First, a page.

New York.- Vicki James Yiannias
The Vasilopita Observance on the Feast Day of Saint Basil, on January 1st, the beginning of the New Year and the Epiphany season, is one of the most beautiful and inspiring traditions and customs of the Greek Orthodox Church.
My mother told us that when she was a child, in Arcadia, in the Peloponnesus, her grandmother would have bathed, put on her best, clean clothes and made the sign of the cross before undertaking the serious task of baking the Vasilopita. The Vasilopita was a rich, sweet bread into which her grandmother would knead a coin before shaping a perfect round loaf decorated with designs made of dough and a walnut on top, sprinkled with sesame seeds then brushed with egg whites to render a glossy finish on the finished beauty that emerged hot from the clay oven in the courtyard. And lucky for the year was the person who experienced the excitement of coming across that coin buried in his or her portion of the Vasilopita when at the midnight of New Year’s Eve, her grandfather–first etching with a knife the sign of the cross over the Vasilopita–cut the first piece for Christ, the next for the house, then pieces for any visitors present and the members of the family by order of age from eldest to youngest. On New Years Day, friends and relatives visited to wish the Vasili and Vasiliki of the household Χρονια Πολλα! Oh, and let’s not forget the anticipation she said she felt while waiting for the καλαντα (Saint Basil’s carols) to be sung at their door the evening before. And on the day, an extra place was set at the table for Saint Basil.
In other parts of Greece she had heard, different types of pies made with phyllo and various stuffings, spiced pumpkin, for instance, were prepared as the Vasilopita; in the Aegean islands, even loukoumades, and in Asia Minor, perhaps even halva, but her sister-in-law in Athens wouldn’t dream of baking anything other than a sweet cake to contain the coin.
My mother’s own talent and her memories of her grandmother’s baking combined made her a highly skilled baker and confectioner for her own family, and one of her many masterpieces was the gorgeous and perfect Vasilopita she baked for the following 65 years. While he was alive, for the first 49 of those years, my father conveyed a feeling of mystery, joy, and a certain drama calling out our names as we respectfully gathered to receive our portions of the Vasilopita from him.
In New York, the festive cutting of the Vasilopita by societies, clubs, churches, organizations and other groups brings people together in a real sense of community. A couple of memorable events out of many that come immediately to mind are the year that Consul General of Greece to New York, Ambassador Aghi Balta and her husband, Ambassador Demetris Alexandrakis, hosted a warm gathering for the press at the Consulate. Ambassador Balta cut the Vasilopita and their young son Menelaos, who was supposed to be in bed, came down to join the group and charmed everyone, enriching the evening. Another is the 2012 Vasilopita-cutting hosted by the AGAPW organization at the Trump World Bar when Aphrodite Bouikidis of the Global Diaspora Initiative found the lucky coin in her slice of the cake.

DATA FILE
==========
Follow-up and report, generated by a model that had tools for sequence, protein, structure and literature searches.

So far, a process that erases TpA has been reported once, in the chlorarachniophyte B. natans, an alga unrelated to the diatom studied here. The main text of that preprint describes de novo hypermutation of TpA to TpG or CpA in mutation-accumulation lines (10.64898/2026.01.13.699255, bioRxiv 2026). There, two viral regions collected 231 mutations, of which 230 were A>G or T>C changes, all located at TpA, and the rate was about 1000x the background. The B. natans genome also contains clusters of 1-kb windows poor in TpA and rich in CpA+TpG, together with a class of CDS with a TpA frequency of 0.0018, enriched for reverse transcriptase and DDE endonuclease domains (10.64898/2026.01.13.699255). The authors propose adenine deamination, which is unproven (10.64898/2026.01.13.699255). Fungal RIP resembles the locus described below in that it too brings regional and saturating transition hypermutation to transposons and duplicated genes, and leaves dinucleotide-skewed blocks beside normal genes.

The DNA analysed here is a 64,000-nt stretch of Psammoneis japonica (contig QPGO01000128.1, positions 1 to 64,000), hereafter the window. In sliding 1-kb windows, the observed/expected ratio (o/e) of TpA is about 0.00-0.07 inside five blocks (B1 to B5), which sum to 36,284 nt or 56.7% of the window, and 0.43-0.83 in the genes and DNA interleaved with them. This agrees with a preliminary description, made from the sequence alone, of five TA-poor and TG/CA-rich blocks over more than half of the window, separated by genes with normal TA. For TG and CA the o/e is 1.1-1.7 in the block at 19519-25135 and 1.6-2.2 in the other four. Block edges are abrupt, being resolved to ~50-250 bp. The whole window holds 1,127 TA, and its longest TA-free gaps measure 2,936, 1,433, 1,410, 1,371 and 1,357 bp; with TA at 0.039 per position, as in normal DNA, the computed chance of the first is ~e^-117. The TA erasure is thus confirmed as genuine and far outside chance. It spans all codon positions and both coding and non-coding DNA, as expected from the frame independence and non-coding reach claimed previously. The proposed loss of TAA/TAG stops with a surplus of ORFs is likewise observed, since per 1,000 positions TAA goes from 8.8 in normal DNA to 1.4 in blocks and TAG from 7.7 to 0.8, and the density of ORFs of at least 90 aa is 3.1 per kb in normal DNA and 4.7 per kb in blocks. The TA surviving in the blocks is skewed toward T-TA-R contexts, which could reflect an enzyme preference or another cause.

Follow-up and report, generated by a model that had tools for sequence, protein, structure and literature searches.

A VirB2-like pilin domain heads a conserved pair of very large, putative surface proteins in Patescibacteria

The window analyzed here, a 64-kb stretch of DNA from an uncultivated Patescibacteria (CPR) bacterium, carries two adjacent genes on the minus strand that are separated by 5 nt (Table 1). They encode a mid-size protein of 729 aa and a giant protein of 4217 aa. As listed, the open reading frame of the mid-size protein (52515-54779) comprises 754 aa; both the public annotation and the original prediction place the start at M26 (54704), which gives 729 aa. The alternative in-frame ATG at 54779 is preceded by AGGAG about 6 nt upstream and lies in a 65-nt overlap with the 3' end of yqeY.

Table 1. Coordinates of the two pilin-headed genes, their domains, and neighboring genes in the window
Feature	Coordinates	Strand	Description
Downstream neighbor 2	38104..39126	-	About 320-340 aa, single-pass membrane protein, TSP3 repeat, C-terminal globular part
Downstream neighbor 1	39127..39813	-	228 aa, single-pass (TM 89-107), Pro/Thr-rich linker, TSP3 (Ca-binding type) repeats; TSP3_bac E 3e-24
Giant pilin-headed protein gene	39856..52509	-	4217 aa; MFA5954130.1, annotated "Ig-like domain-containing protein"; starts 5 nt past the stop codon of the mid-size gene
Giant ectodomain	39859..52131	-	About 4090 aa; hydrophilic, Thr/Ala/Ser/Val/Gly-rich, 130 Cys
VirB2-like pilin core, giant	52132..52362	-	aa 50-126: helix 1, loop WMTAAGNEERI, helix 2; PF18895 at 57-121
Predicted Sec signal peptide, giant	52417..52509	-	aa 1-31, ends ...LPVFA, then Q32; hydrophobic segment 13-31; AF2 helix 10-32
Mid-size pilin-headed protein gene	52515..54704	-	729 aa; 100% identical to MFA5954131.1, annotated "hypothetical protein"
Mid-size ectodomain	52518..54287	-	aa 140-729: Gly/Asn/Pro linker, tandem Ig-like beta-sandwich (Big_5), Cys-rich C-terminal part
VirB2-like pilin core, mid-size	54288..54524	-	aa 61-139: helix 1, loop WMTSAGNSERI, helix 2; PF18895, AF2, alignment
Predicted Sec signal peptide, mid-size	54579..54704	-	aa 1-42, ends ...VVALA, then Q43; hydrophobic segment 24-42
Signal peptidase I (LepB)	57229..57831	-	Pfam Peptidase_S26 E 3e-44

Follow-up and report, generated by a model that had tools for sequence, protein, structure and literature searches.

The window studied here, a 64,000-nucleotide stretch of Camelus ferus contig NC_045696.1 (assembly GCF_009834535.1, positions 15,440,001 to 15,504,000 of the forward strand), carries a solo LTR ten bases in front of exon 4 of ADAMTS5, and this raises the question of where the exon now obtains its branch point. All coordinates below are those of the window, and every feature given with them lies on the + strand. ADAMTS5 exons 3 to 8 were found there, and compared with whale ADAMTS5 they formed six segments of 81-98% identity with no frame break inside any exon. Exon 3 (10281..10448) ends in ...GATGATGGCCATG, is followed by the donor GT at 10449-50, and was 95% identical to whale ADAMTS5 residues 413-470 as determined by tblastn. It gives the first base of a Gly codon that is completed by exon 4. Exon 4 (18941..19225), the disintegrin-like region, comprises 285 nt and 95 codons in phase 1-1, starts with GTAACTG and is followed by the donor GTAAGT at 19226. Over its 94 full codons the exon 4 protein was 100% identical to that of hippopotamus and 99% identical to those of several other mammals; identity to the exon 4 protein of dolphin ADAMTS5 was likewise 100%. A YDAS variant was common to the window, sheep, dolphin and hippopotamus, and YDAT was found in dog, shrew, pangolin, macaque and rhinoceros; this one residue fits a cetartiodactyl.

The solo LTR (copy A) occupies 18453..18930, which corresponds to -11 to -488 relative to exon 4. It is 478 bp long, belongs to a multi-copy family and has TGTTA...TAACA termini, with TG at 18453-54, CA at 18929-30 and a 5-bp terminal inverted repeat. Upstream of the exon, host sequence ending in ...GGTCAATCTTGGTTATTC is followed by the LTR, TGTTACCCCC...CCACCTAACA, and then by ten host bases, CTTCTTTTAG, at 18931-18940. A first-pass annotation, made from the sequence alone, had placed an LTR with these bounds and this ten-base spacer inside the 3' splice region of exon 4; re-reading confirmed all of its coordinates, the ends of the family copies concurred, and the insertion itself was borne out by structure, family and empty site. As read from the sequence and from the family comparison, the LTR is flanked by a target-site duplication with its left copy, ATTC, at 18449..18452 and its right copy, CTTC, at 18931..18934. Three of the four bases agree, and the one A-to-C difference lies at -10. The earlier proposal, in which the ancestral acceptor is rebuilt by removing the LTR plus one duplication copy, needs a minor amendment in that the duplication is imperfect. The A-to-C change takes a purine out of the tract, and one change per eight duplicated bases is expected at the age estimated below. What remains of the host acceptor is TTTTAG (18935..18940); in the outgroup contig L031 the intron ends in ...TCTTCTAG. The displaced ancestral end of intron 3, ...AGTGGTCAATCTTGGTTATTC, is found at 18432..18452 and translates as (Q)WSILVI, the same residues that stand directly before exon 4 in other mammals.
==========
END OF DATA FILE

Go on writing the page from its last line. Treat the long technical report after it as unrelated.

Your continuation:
Why is a coin buried in bread, cake, or other edibles, at all?
It is said that the Vasilopita tradition began in the 4th century when Basil, Bishop of Caesarea, in Cappadocia, later to be Saint Basil the Great, Ἅγιος Βασίλειος ὁ Μέγας (c. 330 – January 1, 379), who was known for his care of the poor and underprivileged (he established an orphanage for little children and founded the first Christian hospital in the world) had gold coins baked into sweetened bread as a way of distributing money to the poor without invoking embarrassment. Another legend is that Saint Basil called on the citizens of Caesarea to raise a ransom payment to stop an enemy siege of the city. They gave whatever they had in gold and jewelry, and the enemy chieftain was so embarrassed by this act of collective giving that he suspended the siege. Saint Basil was left with the task of returning the valuables without knowing to whom each belonged, so to solve the dilemma he had all of the valuables baked into loaves of bread and distributed the loaves to the city. The miracle: each citizen received exactly what he had given. Loaves of bread are not involved in the story of another 4th-century saint, Nikolaos, Bishop of Myra (also located in Asia Minor) later to be Saint Nicholas, Ἅγιος Νικόλαος, or Nikolaos the Wonderworker, Νικόλαος ὁ Θαυματουργός, (270 – December 6, 343), but this saint is also associated with secret gift-giving. The legend is that Saint Nicholas put coins in the shoes of those who left them out for him.
Over the centuries these two legends have blended. The Eastern “Santa” is identified with Saint Basil and the Western Santa Claus remains associated with Saint Nicholas. In Greek tradition, Saint Basil brings gifts to children on January 1. In other traditions Father Christmas arrives either on December 6, Saint Nicholas Day, or on Christmas Eve, December 24.
We’ll be seeing you at upcoming 2014 Vasilopita Observance gatherings. Χρονια Πολλα!